Submitted by **Dr_Singularity** t3_yk4ono
in **singularity**

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**styxboa**
t1_ivbtzsu wrote

Reply to comment by **Better_Engine_8537** in **Meta's newest AI determines proper protein folds 60 times faster** by **Dr_Singularity**

can you explain to me what folding is (zoomed out view), why we can't solve it yet, what it would take to solve it, why it's important to solve, estimates on when it will be solved, etc?

Every article I read on it is so complex that i'm not sure exactly what it is in the first place or why it's important

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**Better_Engine_8537**
t1_iy25xwx wrote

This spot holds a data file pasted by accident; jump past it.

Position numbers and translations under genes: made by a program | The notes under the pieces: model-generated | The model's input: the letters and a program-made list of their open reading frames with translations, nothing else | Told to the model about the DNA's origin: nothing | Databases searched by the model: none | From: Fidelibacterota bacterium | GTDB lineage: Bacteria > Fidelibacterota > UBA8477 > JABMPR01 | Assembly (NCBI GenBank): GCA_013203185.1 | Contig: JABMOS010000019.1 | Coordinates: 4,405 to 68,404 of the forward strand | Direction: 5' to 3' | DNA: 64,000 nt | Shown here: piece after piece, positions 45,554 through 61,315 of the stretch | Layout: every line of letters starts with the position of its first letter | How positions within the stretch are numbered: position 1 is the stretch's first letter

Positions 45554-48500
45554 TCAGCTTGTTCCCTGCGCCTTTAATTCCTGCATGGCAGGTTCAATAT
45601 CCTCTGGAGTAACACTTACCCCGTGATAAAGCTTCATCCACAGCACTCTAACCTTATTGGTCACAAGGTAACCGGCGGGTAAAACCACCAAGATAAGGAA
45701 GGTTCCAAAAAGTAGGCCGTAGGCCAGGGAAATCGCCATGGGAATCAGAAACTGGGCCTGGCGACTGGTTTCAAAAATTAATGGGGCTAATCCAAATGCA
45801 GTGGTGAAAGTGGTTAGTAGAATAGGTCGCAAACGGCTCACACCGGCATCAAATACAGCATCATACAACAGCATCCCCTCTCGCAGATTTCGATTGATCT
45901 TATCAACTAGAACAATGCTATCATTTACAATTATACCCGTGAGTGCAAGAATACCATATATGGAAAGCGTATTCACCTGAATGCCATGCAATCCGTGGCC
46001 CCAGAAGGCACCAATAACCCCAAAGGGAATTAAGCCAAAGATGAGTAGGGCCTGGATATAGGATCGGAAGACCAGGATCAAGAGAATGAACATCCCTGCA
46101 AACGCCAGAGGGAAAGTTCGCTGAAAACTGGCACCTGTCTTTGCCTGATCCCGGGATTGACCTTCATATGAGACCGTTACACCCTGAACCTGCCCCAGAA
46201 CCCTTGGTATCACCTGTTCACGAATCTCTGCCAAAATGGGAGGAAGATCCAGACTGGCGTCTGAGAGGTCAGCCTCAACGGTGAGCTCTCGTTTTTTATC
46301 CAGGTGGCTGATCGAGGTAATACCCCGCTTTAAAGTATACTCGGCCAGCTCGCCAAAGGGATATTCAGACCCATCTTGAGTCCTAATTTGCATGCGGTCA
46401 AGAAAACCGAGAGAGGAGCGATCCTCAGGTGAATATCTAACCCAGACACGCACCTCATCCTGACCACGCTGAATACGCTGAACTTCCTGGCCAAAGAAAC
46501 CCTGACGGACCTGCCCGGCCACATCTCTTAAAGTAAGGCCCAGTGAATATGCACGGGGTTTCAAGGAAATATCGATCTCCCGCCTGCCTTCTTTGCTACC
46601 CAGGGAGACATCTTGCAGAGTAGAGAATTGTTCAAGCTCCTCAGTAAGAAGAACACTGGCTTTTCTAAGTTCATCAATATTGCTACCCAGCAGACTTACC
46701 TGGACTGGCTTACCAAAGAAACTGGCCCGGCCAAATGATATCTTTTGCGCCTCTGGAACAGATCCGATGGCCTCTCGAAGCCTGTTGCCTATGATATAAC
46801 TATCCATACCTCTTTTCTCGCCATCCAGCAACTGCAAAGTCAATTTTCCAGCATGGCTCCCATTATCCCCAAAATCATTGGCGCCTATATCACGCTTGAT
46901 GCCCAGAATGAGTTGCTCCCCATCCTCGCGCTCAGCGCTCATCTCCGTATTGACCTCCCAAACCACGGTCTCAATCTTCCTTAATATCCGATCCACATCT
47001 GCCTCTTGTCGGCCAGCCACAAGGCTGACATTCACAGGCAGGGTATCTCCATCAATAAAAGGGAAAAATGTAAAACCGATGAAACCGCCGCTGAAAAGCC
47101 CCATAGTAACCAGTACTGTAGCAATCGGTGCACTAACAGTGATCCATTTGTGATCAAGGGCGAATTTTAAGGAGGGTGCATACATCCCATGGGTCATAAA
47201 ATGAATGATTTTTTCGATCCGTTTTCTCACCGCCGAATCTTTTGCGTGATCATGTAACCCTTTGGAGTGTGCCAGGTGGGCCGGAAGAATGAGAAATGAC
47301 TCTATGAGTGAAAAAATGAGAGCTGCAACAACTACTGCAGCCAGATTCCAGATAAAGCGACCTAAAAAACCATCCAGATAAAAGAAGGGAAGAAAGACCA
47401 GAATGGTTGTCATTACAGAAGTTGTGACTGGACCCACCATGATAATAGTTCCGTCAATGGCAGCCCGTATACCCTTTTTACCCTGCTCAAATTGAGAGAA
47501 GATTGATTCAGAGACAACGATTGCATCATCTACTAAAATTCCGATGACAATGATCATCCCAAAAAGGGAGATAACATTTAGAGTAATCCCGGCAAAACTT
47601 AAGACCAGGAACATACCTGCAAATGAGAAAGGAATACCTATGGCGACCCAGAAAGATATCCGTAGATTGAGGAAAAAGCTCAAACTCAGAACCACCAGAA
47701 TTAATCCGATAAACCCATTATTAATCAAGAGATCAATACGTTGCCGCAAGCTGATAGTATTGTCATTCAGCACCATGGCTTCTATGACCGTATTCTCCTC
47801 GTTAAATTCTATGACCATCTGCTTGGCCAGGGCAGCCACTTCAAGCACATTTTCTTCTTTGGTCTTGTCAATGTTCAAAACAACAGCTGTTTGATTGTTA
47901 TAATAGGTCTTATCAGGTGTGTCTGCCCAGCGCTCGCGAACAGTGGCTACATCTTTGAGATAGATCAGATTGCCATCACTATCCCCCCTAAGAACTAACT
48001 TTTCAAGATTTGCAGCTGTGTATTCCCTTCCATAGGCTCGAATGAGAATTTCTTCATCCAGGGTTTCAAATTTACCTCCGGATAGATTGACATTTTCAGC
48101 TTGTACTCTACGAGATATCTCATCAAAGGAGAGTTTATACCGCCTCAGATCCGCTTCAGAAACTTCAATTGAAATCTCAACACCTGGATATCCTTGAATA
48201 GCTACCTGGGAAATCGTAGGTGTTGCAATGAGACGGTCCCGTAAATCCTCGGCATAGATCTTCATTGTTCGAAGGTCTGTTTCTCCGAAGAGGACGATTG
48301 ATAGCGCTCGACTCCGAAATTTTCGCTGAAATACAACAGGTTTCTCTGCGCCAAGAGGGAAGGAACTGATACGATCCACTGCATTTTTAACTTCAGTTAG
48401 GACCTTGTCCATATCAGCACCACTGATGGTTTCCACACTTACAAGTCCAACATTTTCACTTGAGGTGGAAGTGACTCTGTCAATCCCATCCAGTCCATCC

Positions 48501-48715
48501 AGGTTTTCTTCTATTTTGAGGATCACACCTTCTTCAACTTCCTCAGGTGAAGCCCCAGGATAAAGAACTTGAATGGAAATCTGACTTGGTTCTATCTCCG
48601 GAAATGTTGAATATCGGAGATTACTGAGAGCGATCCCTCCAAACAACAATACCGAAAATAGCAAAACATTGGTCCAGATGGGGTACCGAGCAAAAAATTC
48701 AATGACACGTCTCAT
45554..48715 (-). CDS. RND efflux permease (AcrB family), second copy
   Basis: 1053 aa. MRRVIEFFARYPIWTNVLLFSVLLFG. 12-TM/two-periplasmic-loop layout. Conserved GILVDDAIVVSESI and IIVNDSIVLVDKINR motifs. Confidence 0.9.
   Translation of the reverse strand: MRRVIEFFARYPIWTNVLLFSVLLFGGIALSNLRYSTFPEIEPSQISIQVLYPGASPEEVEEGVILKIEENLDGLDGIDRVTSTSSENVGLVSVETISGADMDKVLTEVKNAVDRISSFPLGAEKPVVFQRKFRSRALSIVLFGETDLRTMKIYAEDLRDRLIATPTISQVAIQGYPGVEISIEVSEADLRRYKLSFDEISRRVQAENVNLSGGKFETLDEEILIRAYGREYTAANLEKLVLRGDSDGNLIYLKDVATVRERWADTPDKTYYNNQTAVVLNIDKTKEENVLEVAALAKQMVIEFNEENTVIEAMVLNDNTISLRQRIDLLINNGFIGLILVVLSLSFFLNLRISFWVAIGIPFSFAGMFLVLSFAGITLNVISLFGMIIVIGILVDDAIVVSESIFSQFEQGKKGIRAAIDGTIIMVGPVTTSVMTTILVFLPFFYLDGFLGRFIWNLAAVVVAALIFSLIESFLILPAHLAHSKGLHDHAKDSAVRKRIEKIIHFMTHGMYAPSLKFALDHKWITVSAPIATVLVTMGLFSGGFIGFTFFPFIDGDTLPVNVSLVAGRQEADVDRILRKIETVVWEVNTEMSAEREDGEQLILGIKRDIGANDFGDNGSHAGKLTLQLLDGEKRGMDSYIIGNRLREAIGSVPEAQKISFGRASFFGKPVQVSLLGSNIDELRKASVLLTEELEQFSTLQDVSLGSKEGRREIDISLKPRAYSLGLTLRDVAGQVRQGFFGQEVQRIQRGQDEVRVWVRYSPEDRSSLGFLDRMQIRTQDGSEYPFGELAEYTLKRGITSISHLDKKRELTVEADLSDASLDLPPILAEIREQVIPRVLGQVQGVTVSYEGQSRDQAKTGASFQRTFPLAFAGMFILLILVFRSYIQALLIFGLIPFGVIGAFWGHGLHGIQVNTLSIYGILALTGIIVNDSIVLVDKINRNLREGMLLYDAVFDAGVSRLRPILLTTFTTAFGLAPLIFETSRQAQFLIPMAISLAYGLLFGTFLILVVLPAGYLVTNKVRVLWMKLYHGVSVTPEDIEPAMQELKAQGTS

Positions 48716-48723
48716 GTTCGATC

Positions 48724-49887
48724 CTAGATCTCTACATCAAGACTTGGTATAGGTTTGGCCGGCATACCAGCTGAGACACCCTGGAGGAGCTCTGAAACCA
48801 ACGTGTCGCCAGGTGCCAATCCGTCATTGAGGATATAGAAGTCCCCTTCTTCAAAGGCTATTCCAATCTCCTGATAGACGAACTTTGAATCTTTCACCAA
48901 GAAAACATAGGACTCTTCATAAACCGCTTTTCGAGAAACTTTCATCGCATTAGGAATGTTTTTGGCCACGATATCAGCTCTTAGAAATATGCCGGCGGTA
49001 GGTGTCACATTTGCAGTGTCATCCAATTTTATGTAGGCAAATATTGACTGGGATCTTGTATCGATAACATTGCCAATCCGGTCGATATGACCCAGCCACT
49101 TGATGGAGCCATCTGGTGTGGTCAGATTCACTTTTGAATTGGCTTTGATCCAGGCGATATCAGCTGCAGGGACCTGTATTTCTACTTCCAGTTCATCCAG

I'm really not an expert on folding. I see it like this. Imagine taking everything in your pots and pans drawer out and tying them together with string. What would be the best arrangement for them to fit back in the drawer? The string makes it hard to maneuvere the pans around and the order matters a lot. Solutions to fit them into a drawer would be hard to calculate, but the solution would be that which would fit in the smallest drawer. Proteins are a string of amino acids which can move in many different ways. They form a structure which is in the minimum energy state. To solve it, you guess a structure and calculate the energy. You do this for all possible structures. Nature somehow always picks the structure with the lowest energy. Structures can also be determined experimentally. We can't solve it yet because the calculations take so long using the models we have. Using AI they look at previously determined results to make pretty good guesses for other proteins. To solve it I would guess the AI model needs more, maybe different or additional data. Or mathematical models and calculations could be improved or everything combined. I don't know. It is important because things like curing cancer and killing viruses can be done with a better understanding of how proteins interact with each other of which folding is a part.

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